Good luck, Oh if you need I cage I might have one.
Rats are GREAT pets. They are the smartest of all rodents (you
can teach them simple tricks), are much cleaner & less smelly than
guinea pigs, and not the biters that hamsters can be. I do suggest
getting "Dumbo rats" and NOT "Fancy rats". Dumbo rats have
slightly bigger ears and are bred for pets, rather than labs,
and thus much healthier. The Fancy rats I've had in the past
seemed prone to more illnesses whereas my Dumbos are much much
healthier. Petsmart carries Dumbo rats from time to time. I
think they are smarter and friendlier too.
4.5 child and pets - depends on your child. My daughter was
a spirited young child but always good with pets. You'll have
to help her clean the cage but rats tend to be a cleaner than
any pet I've had (except for the snake -- but no one has asked
about them as pets today!). Our rats only poop in one corner
allowing for easy and quick in between cleanups.
I don't care what the general consensus is about rats, mine
My child is also 4 1/2 and we have guinea pigs. They are the perfect pet for this age.
They move pretty slow, they are not fragile, they are slow to provoke and barely nibble
and/or scratch (at least our animals do) when frightend, they are cute and cuddly, they
don't need a lot of attention, you can leave them for several days at a time, they take
up only a little space, they take little daily and weekly time to care for and are pretty
cheap to keep and they are about a 5 yr. commitment. maybe it's the kind of pet you
are looking for.
guinea pig mom
After reading the other replies, I wanted to concur with many
readers. I had forgotten about the Vivarium--besides the reason
the other person gave, my son pointed out that you're doing a rat
a favor by giving it a better life.
Regarding snakes: I've had some as pets and they do make
excellent pets. But they aren't warm and fuzzy like rats are. I
have known older kids getting snakes as pets these days.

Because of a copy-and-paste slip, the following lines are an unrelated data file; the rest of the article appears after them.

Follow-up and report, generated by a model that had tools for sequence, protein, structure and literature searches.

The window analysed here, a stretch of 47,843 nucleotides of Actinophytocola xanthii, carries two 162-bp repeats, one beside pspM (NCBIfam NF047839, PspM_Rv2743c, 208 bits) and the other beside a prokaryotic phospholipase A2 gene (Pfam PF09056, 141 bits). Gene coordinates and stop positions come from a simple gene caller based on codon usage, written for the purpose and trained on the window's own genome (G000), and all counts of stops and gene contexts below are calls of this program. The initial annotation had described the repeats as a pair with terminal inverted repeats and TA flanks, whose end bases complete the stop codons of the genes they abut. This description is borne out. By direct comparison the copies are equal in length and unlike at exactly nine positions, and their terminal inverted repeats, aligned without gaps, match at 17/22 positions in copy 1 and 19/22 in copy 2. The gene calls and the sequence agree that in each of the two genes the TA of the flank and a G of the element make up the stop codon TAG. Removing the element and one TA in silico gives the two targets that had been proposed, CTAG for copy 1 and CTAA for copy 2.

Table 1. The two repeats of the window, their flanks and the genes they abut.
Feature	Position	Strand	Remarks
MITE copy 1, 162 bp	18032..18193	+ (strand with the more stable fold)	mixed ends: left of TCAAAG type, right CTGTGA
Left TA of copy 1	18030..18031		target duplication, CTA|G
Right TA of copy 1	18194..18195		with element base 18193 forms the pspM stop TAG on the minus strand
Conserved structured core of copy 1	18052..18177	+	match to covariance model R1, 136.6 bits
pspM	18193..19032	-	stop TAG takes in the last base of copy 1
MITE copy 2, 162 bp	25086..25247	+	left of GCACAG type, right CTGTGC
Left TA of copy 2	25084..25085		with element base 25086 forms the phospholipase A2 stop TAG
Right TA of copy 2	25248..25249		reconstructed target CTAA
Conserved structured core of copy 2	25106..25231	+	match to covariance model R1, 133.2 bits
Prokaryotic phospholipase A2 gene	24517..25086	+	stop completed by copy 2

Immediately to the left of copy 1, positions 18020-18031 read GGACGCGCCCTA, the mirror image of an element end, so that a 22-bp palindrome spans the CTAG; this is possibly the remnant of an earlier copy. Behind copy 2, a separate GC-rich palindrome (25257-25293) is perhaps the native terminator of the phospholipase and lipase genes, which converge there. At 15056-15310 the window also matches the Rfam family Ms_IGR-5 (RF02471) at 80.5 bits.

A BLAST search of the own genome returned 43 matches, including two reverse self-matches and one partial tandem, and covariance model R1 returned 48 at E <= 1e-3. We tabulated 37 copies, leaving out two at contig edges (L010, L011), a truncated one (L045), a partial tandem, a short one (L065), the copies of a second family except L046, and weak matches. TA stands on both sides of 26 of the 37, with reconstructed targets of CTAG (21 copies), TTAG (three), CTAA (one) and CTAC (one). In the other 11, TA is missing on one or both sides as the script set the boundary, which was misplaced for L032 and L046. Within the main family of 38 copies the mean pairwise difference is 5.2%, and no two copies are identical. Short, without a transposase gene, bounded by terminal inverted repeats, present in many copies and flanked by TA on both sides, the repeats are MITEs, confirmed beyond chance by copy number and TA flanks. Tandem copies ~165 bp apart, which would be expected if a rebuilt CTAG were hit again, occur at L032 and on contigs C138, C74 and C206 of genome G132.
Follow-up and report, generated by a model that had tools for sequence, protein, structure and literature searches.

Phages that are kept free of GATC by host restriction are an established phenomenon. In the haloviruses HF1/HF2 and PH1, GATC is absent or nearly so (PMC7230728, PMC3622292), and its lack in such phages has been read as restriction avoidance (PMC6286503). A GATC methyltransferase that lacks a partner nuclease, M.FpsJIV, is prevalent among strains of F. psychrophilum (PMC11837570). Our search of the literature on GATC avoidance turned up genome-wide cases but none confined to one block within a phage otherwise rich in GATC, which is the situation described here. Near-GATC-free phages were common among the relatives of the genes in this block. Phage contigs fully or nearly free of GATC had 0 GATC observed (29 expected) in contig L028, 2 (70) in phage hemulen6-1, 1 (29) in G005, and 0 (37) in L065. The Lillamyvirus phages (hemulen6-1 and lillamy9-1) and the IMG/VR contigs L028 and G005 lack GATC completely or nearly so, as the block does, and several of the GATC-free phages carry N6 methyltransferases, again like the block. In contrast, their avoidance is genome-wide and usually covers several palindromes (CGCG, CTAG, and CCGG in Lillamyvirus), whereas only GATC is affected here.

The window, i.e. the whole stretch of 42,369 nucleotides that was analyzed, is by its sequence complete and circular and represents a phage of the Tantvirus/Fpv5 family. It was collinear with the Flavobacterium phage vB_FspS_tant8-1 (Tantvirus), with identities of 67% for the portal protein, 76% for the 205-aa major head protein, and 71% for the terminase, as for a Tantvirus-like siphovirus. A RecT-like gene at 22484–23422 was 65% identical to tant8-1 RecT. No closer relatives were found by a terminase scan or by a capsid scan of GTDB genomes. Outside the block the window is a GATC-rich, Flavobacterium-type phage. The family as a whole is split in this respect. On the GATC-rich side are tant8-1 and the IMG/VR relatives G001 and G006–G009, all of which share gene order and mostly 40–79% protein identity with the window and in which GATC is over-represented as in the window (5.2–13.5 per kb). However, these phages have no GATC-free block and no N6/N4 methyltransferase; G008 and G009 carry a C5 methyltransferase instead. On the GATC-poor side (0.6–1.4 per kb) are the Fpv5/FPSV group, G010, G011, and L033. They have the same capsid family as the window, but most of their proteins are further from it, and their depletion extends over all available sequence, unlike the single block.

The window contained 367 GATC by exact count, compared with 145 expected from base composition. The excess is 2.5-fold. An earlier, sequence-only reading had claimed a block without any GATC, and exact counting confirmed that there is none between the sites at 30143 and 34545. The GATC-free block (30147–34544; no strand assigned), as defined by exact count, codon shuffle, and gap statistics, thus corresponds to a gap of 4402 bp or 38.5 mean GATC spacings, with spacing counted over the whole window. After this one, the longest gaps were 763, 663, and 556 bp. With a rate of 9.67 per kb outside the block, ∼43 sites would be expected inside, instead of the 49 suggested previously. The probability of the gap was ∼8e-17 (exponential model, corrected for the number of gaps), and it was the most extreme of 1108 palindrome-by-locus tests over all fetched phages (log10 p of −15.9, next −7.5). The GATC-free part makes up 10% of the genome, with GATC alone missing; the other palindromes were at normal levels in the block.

You DO have to make sure your daughter doesn't squeeze the rat
inadvertently--it may bite or scratch to get away and the bites
are very painful. But rats aren't agressive animals.
Our family would like to get a rat. We really want one that enjoys people -- being
handled, played with, stroked, etc. Although I like the idea of rescuing animals from
pet stores, we got our first rat from one, and (through no fault of his own, I'm sure)
he was very skittish. My husband, who is great with animals, managed to 'connect,'
but the kids had a hard time with him. We've heard that it's best to go to a breeder,
but haven't been able to find one in our area - east bay preferably though we could
travel some. Does anyone out there either know of a rat breeder or have other ideas
for finding a friendly rat as a family pet?
I'm glad you realize that domestic rats make excellent pets. In our
household we have had a long series of rat friends. I really don't think
it's necessary to go to a special breeder; rescuing one or more pet
store rats from a possible end in the belly of a pet snake is a
kindness. We always have gotten two rats, not one, and always both
females. Rats are social animals and having the companionship of a
littermate is good for them, we think. It doesn't take much handling to
get them used to being touched.
You do have to suprervise small children to be gentle, calm, quiet, etc.
There are natural differences between individual rats in terms of
personality and temperament. That's part of the fun of owning them.
Enjoy your rat(s?)!!
If you live in the east bay I would suggest you go to the EB Vivarium,
in Berkeley. They do not sell rats for ''Pets'' per say, but rather for
food. That being the case the rats are bred for
docileness(sp?) and for health. They do not want to be responsible for
selling a sick rat as a food item, for someones $$$$ pet snake. We've
bought a couple there as pets and they have been great and long lived.
There's a great organization called Rattie Ratz (rattieratz.com) that
does ''rat rescue'' and adoptions. They foster rats they receive,
including babies. I think the people who foster the babies before they
go to their new homes spend a lot of time holding them so that they're
friendly and used to people, and they always have rats available. (There
are so many rats who need
homes!) And the people who foster the rats tend to know their
personalities, so I'm sure you can specify that you're looking for a rat
that likes people. (I have a pair of rats I got from them, and I'm
impressed that they're doing the work they do out of their love of
I got 2 rats from a breeder in Martinez. If you search Phat and Sassy
Rats I think you can find her. I have to tell you that the rats from
the breeder were nice but no more friendly than others I've had and they